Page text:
Sexual attraction happens in the workplace; but is not and never can be an excuse for abuse of power. If men are allowed to get away with it, that speaks of a massive failure of managerial process. Sexual harassment is an organisational pathology which affects shareholders, customers and the wider efficiency of the economic system. With each passing year, women will be making an ever greater contribution to gross national product, as well as taking a growing part in provision of such hard-to-measure services as defence and policing. Their contribution would be all the greater if the places they worked, in the private and public sectors, were well managed.
Good management begins with the strict enforcement of norms of courteous conduct and mutual respect. It does not condone a groping hand up a woman's skirt, let alone a pig-headed refusal to countenance women's movement up the promotion ladder. To victimise women who dare to complain of their treatment is even worse. That men and women working together will form attachments - "have relationships" in the clotted phrase of the age - is a truism. And irrelevant. Any manager who cannot distinguish assent from oppression and provide avenues for complaint is not worth the name.
Yesterday Christopher Sutton-Mattocks stood down from the bench, several days after the Bar Council found him guilty of sexually harassing two pupils in his barrister's chambers. He may appeal. Judges, even part-timers, must be like Caesar's wife. And that is not for their own self-respect as practitioners of the law but for the sake of the legal system. Someone who cannot tell when his attentions are unwelcome can hardly be credited with forensic skill, let alone the sensitivity and imagination to conduct a court case. That firm statement by the Lord Chancellor's office against sexual harassment by judges is welcome.
Sadly the Sutton-Mattocks' case is not an isolated example of that special abuse of trust which occurs when a senior, a leader who may assess a subordinate's performance, uses his position in order to seek favours. This is managerial turpitude.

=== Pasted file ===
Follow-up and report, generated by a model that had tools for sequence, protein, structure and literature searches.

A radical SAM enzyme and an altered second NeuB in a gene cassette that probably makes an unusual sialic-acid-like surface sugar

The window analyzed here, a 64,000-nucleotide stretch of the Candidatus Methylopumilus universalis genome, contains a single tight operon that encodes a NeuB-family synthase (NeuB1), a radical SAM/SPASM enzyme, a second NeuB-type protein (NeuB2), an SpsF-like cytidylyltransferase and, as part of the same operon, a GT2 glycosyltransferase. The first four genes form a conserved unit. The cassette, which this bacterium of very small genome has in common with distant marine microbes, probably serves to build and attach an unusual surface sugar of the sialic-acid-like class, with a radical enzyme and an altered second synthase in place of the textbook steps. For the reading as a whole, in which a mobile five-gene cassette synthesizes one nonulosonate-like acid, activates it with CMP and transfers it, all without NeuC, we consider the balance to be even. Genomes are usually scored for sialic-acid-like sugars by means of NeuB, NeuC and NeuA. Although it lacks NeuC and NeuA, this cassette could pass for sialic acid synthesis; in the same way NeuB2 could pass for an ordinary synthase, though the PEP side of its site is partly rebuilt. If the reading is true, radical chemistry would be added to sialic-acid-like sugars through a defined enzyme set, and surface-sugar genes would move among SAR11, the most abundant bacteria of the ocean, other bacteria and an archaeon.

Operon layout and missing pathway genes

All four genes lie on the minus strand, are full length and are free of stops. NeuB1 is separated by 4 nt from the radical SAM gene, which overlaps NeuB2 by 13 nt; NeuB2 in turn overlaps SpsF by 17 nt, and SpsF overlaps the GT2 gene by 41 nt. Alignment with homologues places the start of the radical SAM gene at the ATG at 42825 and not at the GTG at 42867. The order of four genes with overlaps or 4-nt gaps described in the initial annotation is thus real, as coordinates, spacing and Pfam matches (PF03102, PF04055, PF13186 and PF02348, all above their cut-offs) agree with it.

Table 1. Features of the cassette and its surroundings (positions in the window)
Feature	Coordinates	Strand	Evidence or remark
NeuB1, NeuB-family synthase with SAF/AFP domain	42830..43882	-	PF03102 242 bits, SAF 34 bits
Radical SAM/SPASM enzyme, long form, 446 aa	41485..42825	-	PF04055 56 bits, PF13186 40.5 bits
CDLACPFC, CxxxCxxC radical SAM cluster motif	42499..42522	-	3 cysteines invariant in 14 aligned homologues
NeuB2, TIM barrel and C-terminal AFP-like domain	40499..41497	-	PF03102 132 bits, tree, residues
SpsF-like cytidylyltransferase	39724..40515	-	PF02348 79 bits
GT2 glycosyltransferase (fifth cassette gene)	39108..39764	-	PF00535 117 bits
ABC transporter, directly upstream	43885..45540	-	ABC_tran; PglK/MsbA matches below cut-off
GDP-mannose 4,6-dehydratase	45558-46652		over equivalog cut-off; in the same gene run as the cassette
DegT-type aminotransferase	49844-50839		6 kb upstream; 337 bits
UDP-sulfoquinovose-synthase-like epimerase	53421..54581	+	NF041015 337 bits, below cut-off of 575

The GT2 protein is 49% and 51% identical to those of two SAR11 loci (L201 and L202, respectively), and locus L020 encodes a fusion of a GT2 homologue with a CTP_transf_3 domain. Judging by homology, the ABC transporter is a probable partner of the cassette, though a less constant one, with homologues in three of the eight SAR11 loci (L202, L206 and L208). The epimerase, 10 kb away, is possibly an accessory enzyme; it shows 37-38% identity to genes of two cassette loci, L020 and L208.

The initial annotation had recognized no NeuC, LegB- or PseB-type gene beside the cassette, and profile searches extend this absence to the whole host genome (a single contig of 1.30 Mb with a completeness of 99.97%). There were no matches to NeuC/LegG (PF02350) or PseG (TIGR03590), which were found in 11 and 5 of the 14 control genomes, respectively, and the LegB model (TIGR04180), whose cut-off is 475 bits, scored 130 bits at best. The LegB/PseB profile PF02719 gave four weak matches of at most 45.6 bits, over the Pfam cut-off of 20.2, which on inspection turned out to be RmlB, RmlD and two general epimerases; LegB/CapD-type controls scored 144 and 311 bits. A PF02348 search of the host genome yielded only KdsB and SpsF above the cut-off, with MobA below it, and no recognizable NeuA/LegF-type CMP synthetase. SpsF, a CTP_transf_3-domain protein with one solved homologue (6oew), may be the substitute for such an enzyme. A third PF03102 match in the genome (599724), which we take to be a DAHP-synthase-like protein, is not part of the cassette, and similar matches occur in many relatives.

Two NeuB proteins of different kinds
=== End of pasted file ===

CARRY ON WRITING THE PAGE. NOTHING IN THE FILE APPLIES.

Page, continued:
Yet it is with managers - partners in the case of accountants and lawyers - that the buck stops. There is no point hoping for some miraculous transformation of general attitudes in the workplace at large. Awareness training for employees only goes so far. Ultimately, harassment and the mistreatment of female colleagues, let alone women in junior positions, is a matter of managerial effectiveness. In public sector organisations there is no excuse. Police, fire-service, defence, local government, Whitehall: all are supposed to have been reformed. This kind of managerial failure implies that the much-vaunted innovations of recent years, supposedly soon to be celebrated in a Better Government White Paper, have not gone far enough. If police officers and other officials can treat women badly in the office or on the beat, what price fair policing and even-handed public service?
As for the private sector, clearly some managers (such as Mr Sutton-Mattocks) are all too ready to behave like "one of the boys". Customer pressure (from the clients of legal practices, for example) is a blunt instrument. There may thus be no alternative except a succession of brave women to speak up and bear the indignities and often the financial costs of taking action in industrial tribunals or using the creaky mechanisms of professional discipline.